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Volunteers treat kupuna to a memorable Thanksgiving luncheon

November 29, 2018
BY LOUISE ROCKETT , Lahaina News

LAHAINA - Lahaina is a community of backyard traditions, all year long - the Boarders, the "L," the whales, bon dances in the summer and Halloween on Front Street.

Lucky we live here; there's something for everyone.

Thanksgiving is no different; and, one of the warmest West Side customs at this time of the year is the Salvation Army Kupuna Thanksgiving Luncheon.

Article Photos

Volunteers serve food at the luncheon.

It's stuffed with all kinds of traditions.

"In the early '80s, my mother, Inez Lively, started the Thanksgiving Luncheon at Pi'ilani Senior Housing. There were just about 20 people that came then. Uncle Manu Kahaialii and myself, Vidella Nagasaki, were the music, the entertainment," Vidella reminisced.

"My mom and dad made the turkeys then," Vidella added.

Daughter of Ray and Inez Lively, Vidella was the Salvation Army (SA) envoy in Lahaina for 16 years, retiring in 2016. She is married to Kevin Nagasaki, an active envoy of the Lahaina Corps.

Her mom, Inez, was the Social Services secretary. Today, that important job falls on the shoulders of Rita Lei Medina (for the past eight years).

She is the family services and administrative assistant for the Lahaina Lighthouse Corps.

"My job responsibilities include administrative support to the office operations and corps statistician," Rita advised.

The key word here is "include." Rita is an adept multi-tasker.

This powerhouse, from her small office amidst the congregation of SA buildings on Shaw Street, orchestrates the annual dinner.

"Certain tasks fall on the administrative assistant naturally," Rita explained, "and those tasks are second nature for me anyways. As the years come and go, I have built a relationship with many of the kupuna who receive kokua through our senior programs, and that really is a huge motivator for me. I know the struggles many of them live with. It is a joy for me to be able to give back."

There are a lot of helping hands that bring the turkey to the table for our venerable elders; it's an iconic example of giving back, warming the start of our West Side holiday season each year.

The Salvation Army's Women's Home League (WHL) is responsible for the creative dcor in the banquet room.

Bess Sterling and Rhonda Park contributed with vases overflowing with origami flowers, and Ana Maria Tufuga, Rhonda and Malia donated the tabletop orbed arrangements, Rita said.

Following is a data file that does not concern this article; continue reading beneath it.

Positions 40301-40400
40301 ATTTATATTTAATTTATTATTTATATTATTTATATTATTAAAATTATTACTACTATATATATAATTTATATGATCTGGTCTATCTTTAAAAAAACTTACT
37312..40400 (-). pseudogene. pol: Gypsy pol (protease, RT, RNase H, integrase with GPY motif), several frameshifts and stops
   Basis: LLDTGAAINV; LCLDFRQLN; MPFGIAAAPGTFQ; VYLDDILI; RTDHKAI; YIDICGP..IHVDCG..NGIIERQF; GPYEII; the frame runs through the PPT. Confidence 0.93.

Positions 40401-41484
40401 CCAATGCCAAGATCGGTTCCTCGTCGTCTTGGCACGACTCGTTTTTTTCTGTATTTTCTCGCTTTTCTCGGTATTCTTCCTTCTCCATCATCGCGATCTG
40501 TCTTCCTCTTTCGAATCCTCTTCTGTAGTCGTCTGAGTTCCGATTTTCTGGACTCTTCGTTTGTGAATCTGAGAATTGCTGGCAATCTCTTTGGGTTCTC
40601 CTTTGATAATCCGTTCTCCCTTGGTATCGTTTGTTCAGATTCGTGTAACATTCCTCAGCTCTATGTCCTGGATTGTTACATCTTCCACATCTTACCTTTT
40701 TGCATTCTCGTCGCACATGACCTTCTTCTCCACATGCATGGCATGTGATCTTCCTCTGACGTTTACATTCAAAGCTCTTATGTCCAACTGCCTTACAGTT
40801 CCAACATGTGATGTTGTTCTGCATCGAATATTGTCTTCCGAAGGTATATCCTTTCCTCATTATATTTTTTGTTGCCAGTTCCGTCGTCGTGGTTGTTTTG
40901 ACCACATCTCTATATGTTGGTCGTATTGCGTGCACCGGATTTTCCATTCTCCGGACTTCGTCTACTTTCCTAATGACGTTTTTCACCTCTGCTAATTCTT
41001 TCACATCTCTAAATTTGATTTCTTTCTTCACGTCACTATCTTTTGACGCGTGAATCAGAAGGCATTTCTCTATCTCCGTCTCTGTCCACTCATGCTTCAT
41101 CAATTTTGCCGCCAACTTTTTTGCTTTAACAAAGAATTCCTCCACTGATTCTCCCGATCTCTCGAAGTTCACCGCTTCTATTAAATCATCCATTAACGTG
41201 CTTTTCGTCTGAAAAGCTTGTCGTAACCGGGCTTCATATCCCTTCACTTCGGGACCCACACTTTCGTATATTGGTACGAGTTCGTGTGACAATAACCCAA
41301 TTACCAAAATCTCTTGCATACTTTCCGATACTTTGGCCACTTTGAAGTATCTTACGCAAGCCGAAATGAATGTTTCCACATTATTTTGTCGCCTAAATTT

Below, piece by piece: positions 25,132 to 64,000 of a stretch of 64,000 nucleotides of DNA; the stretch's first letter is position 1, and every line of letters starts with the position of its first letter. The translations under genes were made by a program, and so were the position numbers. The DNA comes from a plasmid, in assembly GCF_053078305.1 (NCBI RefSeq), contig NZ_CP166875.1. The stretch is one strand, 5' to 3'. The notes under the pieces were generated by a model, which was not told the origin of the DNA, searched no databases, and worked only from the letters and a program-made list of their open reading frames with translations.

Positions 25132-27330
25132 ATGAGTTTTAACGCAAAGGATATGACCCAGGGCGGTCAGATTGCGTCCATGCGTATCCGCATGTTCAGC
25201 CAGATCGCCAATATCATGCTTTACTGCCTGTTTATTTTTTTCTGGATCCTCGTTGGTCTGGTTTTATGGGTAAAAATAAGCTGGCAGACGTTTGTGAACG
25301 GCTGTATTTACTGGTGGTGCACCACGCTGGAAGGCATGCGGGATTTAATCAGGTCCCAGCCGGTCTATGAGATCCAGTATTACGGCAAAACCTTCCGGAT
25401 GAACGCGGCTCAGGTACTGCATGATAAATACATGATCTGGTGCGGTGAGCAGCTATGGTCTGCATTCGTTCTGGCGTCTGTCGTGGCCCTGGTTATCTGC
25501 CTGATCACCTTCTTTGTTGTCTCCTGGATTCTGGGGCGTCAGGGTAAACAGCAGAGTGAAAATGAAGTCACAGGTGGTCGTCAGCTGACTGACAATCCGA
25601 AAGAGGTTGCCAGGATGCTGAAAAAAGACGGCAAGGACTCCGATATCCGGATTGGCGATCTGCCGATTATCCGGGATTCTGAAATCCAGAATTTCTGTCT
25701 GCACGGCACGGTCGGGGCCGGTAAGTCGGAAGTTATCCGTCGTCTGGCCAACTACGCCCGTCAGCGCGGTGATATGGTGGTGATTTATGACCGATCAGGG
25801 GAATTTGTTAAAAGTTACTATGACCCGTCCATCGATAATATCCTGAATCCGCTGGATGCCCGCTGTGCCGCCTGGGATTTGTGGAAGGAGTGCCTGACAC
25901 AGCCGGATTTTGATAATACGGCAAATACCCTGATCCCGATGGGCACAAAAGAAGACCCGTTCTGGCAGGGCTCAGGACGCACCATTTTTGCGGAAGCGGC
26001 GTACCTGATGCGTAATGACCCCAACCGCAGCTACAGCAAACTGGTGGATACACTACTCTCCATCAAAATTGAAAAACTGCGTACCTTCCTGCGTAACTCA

No small task, Kevin Nagasaki cooked the turkeys.

"He broke a stove this year," Vidella confided. "He had to get a brand new one delivered before he could finish cooking them."

There is more on the dish than just the tasty bird; that's where the hotels step up to the plate with scoops of stuffing, mashed potatoes and slices of pumpkin pie.

"We are blessed to have the support and partnerships with Kaanapali Beach Hotel, Leilani's on the Beach and the Hyatt Regency Maui, who kokua this event annually. Among others who have given kokua in years past are The Westin Hotel, Koa's Seaside Grill and The Bakery," Rita commented.

Dressed in their Thanksgiving best, 125 kupuna attended the 2018 feast.

"To see the same people every year, and you catch up with 'em... it's exciting and fun," Vidella described.

The entertainment lineup included hula dancers and inspirational singer Rachel Melfe. Emcee was Kahu Allen Haia from His Grace Ministries.

Na keiki from Maui Music Mission livened up the hall with their ukulele performances and upbeat songs.

Volunteers were ever-present. Kupuna were served.

"We have been blessed with repeat volunteers volunteers from His Grace Ministries, Friends of Salvation Army and holiday regulars from out of town who know of the annual event. I never worry about kokua for this event. This year, there were about 20 volunteers sharing their time with us," Rita observed.

Door prizes were a huge part of the morning activities.

It was a philanthropic discharge from the business sector of our community. The list was impressive, even for Lahaina. There was a plethora of certificates from local restaurants and grocery stores, haircuts, micro-plush blankets, flannel sheets, slow cookers, plush bath towel sets, memory foam bath mats, oven mitts, tea kettles, toaster ovens, desk lamps, submarine boat rides, trips to Lanai and tickets to a magic show.

"Everyone got a prize," Vidella exclaimed.

Rita is proud: "We are a strong, loving and giving community. Many respond annually without hesitation and generously."

At the end of the morning, when asked what makes the Salvation Army Kupuna Thanksgiving Luncheon special, there was no hesitation in Rita's response.

"The warmth, love and good company that comes from gathering around a good meal is awesome; sitting and talking with our kupuna is a very simple form of love. They feel appreciated with the invitation to a party just for them, and they are comforted by the atmosphere and seeing familiar faces again.

"Many take the time at the end of the event to reach out for a hug and say, 'Mahalo, thank you for a wonderful time.' And that's what gets me started on the next year's event," Rita said, matter-of-fact.

 
 

 

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